Amazing Mali, the cradle of a medieval empire, captures the imagination. The country is home to historic centers of knowledge, architecture, and culture, such as the Great Mosque of Djenné and the famous learned city of Timbuktu.
Mali is also a great place to visit if you want to explore the surprisingly diverse landscapes of the desert. Get into nature at sites such as the spectacular Bandiagara Cliffs, a UNESCO World Heritage site, or La Dune Rose.
But while this storied country is rich in history, culture, and amazing natural beauty, is Mali safe to visit? Here’s our take.
Is Mali Safe to Visit in 2024?
No. Unfortunately, Mali is not a safe place to visit right now. Most countries advise their citizens against visiting Mali due to the high risk of terrorism and civil unrest.
The unstable situation in the country has also created the perfect conditions for an uptick in violent crime, which often targets foreigners. A quick look at the travel advisories issued by different countries can give you an idea of why traveling to Mali is not the best idea right now.
The United States put the country under a Level 4 travel advisory, telling its citizens and employees not to travel to Mali under any conditions. It warns citizens that the risk of violent crime, such as kidnapping and banditry, is high, as is the risk of terrorist attacks.
Even U.S. State Department officials only stay in the capital Bamako and don’t venture elsewhere out of concern for their own safety. The United States is not the only country in the world telling people not to travel to Mali.
Canada also tells its citizens to avoid all travel to Mali. It cites the risk of political instability, terrorist groups that exercise de facto control in certain regions, and violent crime, such as kidnappings, that target foreigners in particular.
Mali once used to be one of the most popular tourist destinations in West Africa, so what happened?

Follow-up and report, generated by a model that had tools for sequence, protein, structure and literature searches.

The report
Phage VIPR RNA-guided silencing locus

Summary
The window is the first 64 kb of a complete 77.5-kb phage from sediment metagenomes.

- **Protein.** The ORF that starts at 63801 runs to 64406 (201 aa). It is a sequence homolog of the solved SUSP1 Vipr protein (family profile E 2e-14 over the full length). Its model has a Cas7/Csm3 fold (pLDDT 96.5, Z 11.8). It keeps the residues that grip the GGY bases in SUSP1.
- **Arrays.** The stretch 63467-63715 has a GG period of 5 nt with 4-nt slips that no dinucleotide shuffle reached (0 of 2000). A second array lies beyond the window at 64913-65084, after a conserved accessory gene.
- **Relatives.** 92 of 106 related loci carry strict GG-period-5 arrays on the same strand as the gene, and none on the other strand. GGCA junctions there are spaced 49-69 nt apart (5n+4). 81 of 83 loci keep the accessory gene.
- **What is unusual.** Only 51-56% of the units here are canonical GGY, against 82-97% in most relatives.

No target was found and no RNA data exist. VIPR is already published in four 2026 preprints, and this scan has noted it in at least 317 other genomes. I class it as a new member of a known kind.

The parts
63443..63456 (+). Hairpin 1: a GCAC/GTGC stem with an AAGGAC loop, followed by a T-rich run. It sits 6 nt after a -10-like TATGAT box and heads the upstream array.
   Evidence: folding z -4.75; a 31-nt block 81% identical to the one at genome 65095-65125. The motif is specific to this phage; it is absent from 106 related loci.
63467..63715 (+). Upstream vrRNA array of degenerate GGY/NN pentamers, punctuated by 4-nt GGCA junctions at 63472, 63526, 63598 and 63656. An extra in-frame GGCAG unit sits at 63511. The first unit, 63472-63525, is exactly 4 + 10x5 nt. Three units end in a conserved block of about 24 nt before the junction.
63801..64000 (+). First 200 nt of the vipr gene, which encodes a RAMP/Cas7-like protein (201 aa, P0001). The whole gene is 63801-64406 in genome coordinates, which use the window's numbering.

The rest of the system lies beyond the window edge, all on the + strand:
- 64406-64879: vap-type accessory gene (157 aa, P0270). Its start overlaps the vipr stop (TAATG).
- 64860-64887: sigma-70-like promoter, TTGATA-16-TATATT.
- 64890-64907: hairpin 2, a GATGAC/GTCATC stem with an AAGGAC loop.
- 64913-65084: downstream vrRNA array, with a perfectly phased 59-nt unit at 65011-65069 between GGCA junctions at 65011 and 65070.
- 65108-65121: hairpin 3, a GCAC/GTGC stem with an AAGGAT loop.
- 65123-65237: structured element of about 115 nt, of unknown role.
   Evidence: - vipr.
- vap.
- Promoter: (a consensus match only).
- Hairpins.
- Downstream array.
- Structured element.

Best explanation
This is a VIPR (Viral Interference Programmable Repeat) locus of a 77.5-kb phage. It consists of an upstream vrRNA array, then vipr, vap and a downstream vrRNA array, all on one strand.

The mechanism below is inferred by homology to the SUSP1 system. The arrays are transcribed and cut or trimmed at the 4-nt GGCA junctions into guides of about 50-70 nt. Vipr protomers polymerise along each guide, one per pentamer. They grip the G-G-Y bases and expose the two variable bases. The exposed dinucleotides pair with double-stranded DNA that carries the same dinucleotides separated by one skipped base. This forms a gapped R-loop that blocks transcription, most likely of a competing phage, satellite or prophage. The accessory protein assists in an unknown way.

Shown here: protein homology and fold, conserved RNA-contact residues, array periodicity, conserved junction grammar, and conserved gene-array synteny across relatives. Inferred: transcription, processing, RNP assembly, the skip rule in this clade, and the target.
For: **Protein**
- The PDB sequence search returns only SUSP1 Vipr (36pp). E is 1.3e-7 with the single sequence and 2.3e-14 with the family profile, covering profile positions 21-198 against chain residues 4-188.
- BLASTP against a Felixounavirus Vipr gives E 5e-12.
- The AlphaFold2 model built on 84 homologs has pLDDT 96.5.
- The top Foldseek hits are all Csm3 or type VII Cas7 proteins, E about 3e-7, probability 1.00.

The answer lies in the past decade of civil unrest, insurgency, and civil war. In 2012, a Tuareg group called MNLA rebelled in the north (there has been a Tuareg separatist movement for decades in Mali).
The ensuing military coup ensured that terrorist groups, mostly Islamist groups, quickly gained control of the north.
Although the separatists and the Islamists quickly broke their coalition, the instability has wrecked the country and even spread to neighboring ones. The situation hasn’t shown any signs of stabilizing, especially since there were military coups in 2020 and 2021.
People are upset with the government’s inability to pacify the situation, creating a no-war, no-peace situation, as well as the fact that the government invited French troops to quell the uprising, resurrecting past memories of colonialism.
Mali’s recent history means that the country has effectively been in a power vacuum for a decade and that the situation is growing desperate for locals.
This creates the perfect storm that allows separatists, criminals, and terrorist groups to operate in the country. Plus, the government doesn’t have enough control to protect its own citizens, let alone foreigners that travel there.
To recap, visitors to Mali should be realistic about their chances of experiencing:
- Civil unrest, including coups
For now, it’s best to admire the sites of Mali from afar and book your trip once the situation stabilizes.
Crime in Mali
Due to the state’s tenuous control over its territory for the past decade, crime statistics for Mali are not exactly comprehensive or accurate. The government has bigger worries than trying to tally exactly how many murders, kidnappings, and armed robberies happen every year.
The World Bank, which gathers data on intentional homicides per country, has no data for Mali due to the difficulty of collecting information.
The UN was able to collect data on homicides and estimates that Mali experiences about 10.8 homicides per 100,000 people per year, which is higher than the world average. According to the Global Organized Crime Index, Mali has a high level of criminality.